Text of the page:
A bad rotator cuff: It’s not just for major league pitchers any more.
Even nonprofessional athletes such as my wife Carol and I can have bad rotator cuffs. A bad rotator cuff is kind of like an Acura or a downtown condo: All the cool baby boomers are getting one.
Or maybe it would be more accurate to call it a “bum shoulder.” However, we aging nonprofessional athletes do not like to call it a “bum shoulder.” That sounds so mundane. We much prefer to call it a bad rotator cuff because it makes it sound like the kind of valiant injury that Roger Clemens or Brett Favre might sustain.
A bum shoulder, on the other hand, conjures up the kind of affliction that grandpa might get from the rheumatism.
Over at our house, we still don’t know exactly how we acquired our bad rotator cuffs. Carol thinks she got hers from weeding the columbines, or maybe from that time last week where she tried to walk two dogs at once.
I tend toward the dog explanation, because I tried to walk those dogs, too. I felt like Sgt. Preston of the Yukon, mushing my way to Whitehorse. I’m surprised my arm wasn’t yanked right out of the socket.
High Drive resident: (looking out of window): That’s funny. Those two dogs seem to be dragging an upper appendage along the roadway. And look, dear! A one-armed man is running behind them. What’s that he’s shouting?
Spouse: It sounds like, “Sit! Stay!”
But the strange thing about a bad rotator cuff is that you can’t always pinpoint the moment when it started to hurt. All you really know is that one morning you can brush your teeth like a regular human being and the next morning you can’t get your toothbrush all the way up to your mouth.
For Carol, it came when she realized that she couldn’t get, you know, dressed. She just stood there at the closet, staring at the sweater in her hand, totally unable to place an arm through the armhole. She finally had to shout downstairs, “Honey? A little help up here, please?”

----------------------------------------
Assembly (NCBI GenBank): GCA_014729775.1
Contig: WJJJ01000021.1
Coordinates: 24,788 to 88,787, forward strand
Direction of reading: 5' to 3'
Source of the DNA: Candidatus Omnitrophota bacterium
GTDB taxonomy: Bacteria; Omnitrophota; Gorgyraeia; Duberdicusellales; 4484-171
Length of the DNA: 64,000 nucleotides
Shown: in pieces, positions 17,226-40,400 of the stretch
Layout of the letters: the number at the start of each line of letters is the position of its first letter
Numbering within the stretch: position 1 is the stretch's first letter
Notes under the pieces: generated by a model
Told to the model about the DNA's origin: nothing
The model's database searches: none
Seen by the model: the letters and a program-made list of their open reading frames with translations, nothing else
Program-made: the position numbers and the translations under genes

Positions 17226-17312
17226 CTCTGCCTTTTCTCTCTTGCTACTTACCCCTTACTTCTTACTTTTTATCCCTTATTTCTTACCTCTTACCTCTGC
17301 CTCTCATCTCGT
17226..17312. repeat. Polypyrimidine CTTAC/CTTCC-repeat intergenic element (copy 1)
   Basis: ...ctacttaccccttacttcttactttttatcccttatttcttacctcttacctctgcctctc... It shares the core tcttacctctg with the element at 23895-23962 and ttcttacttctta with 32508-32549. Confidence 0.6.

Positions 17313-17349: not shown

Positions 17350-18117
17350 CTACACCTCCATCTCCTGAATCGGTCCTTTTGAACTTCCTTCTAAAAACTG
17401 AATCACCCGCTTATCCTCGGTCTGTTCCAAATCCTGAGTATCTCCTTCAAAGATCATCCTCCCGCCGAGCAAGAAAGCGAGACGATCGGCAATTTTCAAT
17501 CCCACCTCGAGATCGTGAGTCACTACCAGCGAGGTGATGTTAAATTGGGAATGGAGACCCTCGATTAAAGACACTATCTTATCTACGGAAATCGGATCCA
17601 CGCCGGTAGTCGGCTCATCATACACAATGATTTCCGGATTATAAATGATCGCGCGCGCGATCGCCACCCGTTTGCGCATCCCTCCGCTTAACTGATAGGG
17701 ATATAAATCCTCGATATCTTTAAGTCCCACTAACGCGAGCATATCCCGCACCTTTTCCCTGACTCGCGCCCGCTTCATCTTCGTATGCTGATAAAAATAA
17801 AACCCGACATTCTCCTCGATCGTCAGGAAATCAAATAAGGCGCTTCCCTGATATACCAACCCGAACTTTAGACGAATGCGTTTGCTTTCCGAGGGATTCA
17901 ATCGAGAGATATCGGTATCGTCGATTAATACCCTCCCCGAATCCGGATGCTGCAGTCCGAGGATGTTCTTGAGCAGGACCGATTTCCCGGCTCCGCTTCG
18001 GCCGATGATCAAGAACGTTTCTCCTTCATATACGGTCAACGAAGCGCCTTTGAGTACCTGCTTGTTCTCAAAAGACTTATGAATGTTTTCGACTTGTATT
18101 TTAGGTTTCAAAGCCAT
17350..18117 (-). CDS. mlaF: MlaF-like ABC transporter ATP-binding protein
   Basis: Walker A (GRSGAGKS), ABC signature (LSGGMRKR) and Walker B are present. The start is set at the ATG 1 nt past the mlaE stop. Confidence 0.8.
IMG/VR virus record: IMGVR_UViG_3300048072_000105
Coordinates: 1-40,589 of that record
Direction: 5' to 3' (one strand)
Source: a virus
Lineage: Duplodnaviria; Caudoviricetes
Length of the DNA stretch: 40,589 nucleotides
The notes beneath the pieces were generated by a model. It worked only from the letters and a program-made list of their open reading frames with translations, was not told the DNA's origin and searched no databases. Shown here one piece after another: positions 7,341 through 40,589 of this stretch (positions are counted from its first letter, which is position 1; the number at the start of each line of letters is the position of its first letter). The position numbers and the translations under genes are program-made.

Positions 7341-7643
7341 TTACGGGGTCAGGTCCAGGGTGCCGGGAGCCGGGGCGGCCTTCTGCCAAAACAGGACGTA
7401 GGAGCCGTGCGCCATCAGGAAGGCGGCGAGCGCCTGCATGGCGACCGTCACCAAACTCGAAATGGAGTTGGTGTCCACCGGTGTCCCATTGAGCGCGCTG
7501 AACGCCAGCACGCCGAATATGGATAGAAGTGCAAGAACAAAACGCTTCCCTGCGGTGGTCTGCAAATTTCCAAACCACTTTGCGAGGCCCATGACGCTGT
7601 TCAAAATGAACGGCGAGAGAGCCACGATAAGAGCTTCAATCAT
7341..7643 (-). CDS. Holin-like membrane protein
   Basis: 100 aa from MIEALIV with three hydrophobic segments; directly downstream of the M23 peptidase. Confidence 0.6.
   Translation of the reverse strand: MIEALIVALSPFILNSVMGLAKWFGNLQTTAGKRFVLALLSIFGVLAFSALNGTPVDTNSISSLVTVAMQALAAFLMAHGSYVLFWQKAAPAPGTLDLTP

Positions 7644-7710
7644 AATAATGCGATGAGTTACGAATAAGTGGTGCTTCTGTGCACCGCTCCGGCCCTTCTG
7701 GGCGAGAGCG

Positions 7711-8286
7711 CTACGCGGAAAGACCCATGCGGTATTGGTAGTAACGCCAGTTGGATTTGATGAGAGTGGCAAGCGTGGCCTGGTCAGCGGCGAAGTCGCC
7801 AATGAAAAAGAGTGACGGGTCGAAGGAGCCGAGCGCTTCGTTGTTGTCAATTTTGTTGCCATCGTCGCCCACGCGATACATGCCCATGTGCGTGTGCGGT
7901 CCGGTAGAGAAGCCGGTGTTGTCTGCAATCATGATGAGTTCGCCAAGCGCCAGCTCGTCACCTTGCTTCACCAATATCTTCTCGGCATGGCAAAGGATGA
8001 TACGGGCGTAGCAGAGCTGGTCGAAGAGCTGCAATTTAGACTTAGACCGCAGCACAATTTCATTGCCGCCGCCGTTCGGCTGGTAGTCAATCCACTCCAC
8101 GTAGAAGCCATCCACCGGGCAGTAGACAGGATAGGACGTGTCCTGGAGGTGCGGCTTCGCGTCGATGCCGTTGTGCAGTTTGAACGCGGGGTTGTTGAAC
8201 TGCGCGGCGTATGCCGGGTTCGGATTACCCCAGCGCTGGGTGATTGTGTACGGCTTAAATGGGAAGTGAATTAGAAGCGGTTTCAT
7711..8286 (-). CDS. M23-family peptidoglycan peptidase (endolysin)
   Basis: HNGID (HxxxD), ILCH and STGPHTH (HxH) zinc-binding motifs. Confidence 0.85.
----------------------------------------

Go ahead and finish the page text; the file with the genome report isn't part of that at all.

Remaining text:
A bad rotator cuff makes it impossible to lift your elbow above the level of your shoulder, or in some cases, above the level of your rib-cage. You have no idea how handy it is to be able raise your elbow above the level of your rib-cage. Back when I had a bad rotator cuff, I spent entire months without even trying to put on a sweatshirt. Suddenly, I developed a taste for cardigan sweaters, as if I had suddenly morphed into Mr. Rogers.
I think I earned my bad rotator cuff in a manly way, by playing softball. The odd thing is, I didn’t get it in the regular way, by throwing. My bad rotator cuff was in my left shoulder and I throw with my right. I think I got it by stretching my shoulder too far during a spectacular diving catch, or possibly by falling down while running to the dugout.
All I remember is that I spent the next few months unable to perform the simplest of tasks. I once went to one of those drive-in ATM machines, where the sign says “Insert card here.” I stared at that sign for about a minute, trying to pull my left arm up to the car window. I couldn’t get it above the door handle. Then I tried holding the card in my right hand, wrenching my body sideways and attempting the difficult cross-body-ATM-card-insert maneuver.
Finally, with cars honking behind me, I surrendered. I opened the door, stepped morosely out, stood at the machine, stuck my card in the slot with my right hand, got my money, got back in the car and peeled out. Motorists cheered as I receded into the distance.
The worse indignities are at night, however. No matter how you turn – left, right, face-down, face-up – that throbbing rotator cuff will not allow you to sleep. So pretty soon you become not just a person who can’t dress himself, but a sleep-deprived person who can’t dress himself. Do not cross that person. That person has been known to lash out with his good arm.
However, I have some good news for anybody who is presently on the D.L. for shoulder reasons. My friendly orthopedic surgeon gave me a cortisone shot which reduced the inflammation and made the pain disappear for six months. When it came back, I had another cortisone shot and another six months of relief.
Then, about two shots later, the pain never returned. I never had to undergo surgery and never had another shot. My rogue rotator cuff has been a model citizen for five years.
I hope the same thing happens to Carol and to anyone else so afflicted. In the meantime, I can only offer this advice: Use the walk-up ATM. You can switch-hit with either arm.
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